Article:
I wish people would stop falling for this kind of bullshit. It’s only one step less bullshitty than those stupid Facebook things like “What Harry Potter character are you?”

      • Kate 11:42 on 2022-10-14 Permalink

        Sometimes I pass over them as uninteresting, but in this case I’ve seen enough tweeting and chattering about this one that I thought I should post it. And i liked FNoMTL’s spins on the details.

      • Ian 14:46 on 2022-10-14 Permalink

        FNoMTL is right though, you need to know the neighbourhood cats. I’d rather see a top 5 Mile End cats list, too, while we are on the topic.
        1. Cool Gary
        2. The Siamese cat that begs for fish outside Ubi
        3. The one-eared cat that begs for chicken outside Serrano
        4. The big fat orange cat that likes to get pets and will follow you that hangs around Groll and Esplanade
        5. the stencilled cats along St. Viateur from back when the neighbourhood was actually cool, briefly

      • Kate 15:57 on 2022-10-14 Permalink

        I’m just sad that Villeray’s iconic cat Richard has gone missing. It’s always going to be dicey when a cat hangs out in the street, even if it seems street‑smart.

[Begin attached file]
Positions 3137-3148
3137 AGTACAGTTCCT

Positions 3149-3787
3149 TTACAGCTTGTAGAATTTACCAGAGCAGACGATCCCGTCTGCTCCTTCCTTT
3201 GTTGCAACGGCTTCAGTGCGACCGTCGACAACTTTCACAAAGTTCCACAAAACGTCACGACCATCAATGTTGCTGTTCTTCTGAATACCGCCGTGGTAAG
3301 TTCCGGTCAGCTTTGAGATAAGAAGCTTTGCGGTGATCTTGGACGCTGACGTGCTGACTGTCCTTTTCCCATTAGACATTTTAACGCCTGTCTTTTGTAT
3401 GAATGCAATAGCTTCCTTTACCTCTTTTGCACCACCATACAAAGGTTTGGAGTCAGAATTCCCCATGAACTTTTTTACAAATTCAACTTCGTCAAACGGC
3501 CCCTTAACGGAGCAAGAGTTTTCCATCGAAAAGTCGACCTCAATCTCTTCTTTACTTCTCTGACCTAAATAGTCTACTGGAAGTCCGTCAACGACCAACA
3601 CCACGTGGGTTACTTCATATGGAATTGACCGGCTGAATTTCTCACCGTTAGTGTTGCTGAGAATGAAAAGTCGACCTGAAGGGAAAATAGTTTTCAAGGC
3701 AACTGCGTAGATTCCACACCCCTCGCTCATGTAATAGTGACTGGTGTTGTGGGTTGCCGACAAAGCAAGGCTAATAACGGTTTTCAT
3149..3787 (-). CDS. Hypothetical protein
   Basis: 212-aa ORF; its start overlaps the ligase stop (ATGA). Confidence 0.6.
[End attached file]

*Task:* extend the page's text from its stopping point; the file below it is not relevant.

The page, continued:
• Ian 16:44 on 2022-10-14 Permalink

        Oh heck. I don’t know Villeray’s cats but yeah, that’s always a risk. Hope he’s just been off on a spirit quest and returns soon.

      • Kate 16:45 on 2022-10-14 Permalink

        Actually, after posting that, I rummaged back through Facebook posts and found that his owner said Richard had returned. I’m so glad.

        Do you know Café Pinocchio? He’s a regular around that block.

      • Ian 16:55 on 2022-10-14 Permalink

        I actually have a friend that lives near there, so yes. Glad to hear it 🙂

      • Kate 17:44 on 2022-10-14 Permalink

        I find it amazing there are still cats that can go walkabout for days and come back unscathed. Of course, they may just be having a spa week with a nearby cat lady.

      • DeWolf 12:30 on 2022-10-15 Permalink

        I had a neighbour cat named Gatsby who went missing and it turned out some busybody down the street had taken him in, assumed he was a stray, and instead of going to the vet to check his microchip, she gave him to a friend who lived in Mascouche. Luckily he was able to return after his brief exile in the suburbs. (He normally had a collar but it must have fallen off.)

        That said, I can’t be too judgemental, because my wife and I were also guilty of (inadvertent) cat-napping. A beautiful little cat with no collar would come by our garden several times a day, and one day she just… never left. She even came inside and snuggled with my wife and I as we were sleeping. Even though the windows were open overnight, she didn’t go home, and this whole situation lasted for about three or four days before we decided to take her to the vet to see what the deal was. Luckily, we didn’t need to, because that was the day her owner started putting up missing cat posters. It turned out she lived about 25 metres down the alleyway.